The possibility of finding a functional and maintained Ultrasound Scanner in most rural areas in some African countries is next to nothing, thereby leaving healthcare providers in the dark.
According to a post from the New York Times, there’s a recent innovation that’s allowing doctors in Uganda use their smartphones as ultrasound scanners. The device in question that pairs with a smartphone is called the Butterfly iQ. The Butterfly iQ is a portable Ultrasound Scanner that’s small enough to fit in a pocket.
Its compact nature has made it easy for doctors to perform tests in rural areas that didn’t have such services. Images captured in the device are also sent back to a specialist in Toronto, Canada to double-check the Diagnosis.
According to Jonathan Rothberg, the founder of Butterfly and company behind the Butterfly iQ, he was initially motivated to create the Butterfly iQ because one of his daughters had a disease that caused kidney cysts needed regular scans. He also noted that “Two-thirds of the world’s population gets no imaging at all,”. “When you put something on a chip, the price goes down and you democratize it.” The Butterfly iQ is the size of a hair clipper and it’s battery-powered. Instead of piezoelectric crystals, the device is made with microchips, this helps to prevent from breaking if dropped.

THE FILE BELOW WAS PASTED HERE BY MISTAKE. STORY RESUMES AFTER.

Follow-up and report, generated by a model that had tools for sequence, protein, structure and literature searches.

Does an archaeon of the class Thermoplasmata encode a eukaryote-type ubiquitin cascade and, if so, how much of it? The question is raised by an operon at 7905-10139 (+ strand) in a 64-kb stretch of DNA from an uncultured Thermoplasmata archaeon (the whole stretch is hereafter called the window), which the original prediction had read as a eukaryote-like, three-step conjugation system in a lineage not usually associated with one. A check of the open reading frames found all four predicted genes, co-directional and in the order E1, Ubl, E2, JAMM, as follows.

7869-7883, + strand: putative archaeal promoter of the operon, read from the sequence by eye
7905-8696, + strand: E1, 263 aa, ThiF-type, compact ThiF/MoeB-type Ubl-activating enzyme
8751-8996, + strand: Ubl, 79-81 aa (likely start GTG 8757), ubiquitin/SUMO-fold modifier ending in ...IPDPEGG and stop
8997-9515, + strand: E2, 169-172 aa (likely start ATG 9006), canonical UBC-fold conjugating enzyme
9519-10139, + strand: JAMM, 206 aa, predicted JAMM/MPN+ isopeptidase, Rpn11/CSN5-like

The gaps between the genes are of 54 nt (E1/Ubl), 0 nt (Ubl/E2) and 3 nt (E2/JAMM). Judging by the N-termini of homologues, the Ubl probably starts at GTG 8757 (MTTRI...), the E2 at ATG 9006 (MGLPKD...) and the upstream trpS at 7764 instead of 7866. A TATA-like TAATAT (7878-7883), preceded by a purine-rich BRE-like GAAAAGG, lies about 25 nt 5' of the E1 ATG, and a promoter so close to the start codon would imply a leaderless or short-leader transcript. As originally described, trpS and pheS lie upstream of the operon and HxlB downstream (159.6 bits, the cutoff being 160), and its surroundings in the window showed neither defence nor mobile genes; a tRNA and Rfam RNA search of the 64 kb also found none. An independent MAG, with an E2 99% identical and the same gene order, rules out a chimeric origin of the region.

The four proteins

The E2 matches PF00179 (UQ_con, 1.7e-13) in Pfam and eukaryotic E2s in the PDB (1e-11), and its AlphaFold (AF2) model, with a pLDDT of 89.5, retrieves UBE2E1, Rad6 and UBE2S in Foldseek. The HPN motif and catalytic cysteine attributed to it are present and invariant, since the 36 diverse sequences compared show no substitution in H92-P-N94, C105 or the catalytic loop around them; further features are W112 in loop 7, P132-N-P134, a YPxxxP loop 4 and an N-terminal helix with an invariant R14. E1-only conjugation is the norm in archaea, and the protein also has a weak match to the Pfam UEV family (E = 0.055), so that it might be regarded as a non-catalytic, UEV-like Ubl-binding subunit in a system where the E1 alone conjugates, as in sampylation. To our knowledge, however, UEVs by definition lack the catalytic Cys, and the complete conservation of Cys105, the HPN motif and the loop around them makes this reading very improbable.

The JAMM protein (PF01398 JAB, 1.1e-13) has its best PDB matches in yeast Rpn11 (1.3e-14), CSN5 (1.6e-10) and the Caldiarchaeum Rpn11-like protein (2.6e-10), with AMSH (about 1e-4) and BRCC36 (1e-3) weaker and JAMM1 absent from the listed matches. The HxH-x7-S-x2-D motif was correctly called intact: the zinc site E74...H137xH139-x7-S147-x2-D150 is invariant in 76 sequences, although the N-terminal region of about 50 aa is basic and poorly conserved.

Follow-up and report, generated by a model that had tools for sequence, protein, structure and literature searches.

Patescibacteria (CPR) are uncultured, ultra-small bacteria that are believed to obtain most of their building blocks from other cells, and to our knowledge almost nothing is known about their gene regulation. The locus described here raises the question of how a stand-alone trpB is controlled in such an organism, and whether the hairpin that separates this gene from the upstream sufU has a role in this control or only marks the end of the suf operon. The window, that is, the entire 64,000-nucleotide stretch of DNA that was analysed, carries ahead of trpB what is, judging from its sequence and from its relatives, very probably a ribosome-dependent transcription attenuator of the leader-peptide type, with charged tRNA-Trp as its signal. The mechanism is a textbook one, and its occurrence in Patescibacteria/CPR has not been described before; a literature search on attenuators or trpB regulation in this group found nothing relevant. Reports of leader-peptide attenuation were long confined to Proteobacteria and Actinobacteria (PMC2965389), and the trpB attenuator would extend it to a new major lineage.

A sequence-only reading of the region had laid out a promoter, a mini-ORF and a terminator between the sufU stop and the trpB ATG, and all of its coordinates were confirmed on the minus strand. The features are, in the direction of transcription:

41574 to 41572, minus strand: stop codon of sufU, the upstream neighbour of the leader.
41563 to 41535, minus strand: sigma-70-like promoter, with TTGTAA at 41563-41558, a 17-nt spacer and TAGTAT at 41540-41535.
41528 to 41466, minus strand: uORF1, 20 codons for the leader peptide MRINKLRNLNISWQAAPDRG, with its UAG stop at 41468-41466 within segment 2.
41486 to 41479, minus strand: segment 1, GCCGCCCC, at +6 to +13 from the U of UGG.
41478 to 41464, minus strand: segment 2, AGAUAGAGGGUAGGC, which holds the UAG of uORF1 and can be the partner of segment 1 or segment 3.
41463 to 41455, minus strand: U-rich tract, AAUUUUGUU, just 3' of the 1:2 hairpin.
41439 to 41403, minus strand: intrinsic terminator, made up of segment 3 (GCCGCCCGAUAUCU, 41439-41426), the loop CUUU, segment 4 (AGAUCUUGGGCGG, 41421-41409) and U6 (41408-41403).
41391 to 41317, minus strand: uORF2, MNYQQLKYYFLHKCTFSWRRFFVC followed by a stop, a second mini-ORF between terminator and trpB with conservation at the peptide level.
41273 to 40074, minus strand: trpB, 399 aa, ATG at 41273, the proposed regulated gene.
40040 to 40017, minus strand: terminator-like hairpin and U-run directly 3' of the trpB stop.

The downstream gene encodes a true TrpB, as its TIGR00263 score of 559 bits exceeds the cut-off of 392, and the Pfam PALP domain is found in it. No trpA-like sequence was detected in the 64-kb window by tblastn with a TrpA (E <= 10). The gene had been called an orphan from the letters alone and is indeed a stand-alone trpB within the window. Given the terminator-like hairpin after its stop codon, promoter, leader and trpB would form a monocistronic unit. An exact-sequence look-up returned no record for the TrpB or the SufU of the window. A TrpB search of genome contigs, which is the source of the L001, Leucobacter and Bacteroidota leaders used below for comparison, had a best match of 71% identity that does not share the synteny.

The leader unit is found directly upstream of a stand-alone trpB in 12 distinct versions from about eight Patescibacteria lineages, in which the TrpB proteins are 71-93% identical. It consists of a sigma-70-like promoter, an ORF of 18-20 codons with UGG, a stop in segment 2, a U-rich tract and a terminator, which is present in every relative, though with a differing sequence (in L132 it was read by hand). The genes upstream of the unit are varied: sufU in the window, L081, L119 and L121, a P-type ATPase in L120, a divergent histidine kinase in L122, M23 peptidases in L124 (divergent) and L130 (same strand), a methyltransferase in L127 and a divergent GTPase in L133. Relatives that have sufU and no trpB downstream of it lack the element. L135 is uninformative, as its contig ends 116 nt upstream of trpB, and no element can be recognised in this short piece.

The New York Times post also noted that he has donated scanners to medical charities working in 13 low-income countries, seven of them in Africa. At the time of this post, licensed practitioners in the United States, United Kingdom, Europe, Australia or New Zealand can head to the company’s website to reserve a spot in line for the device.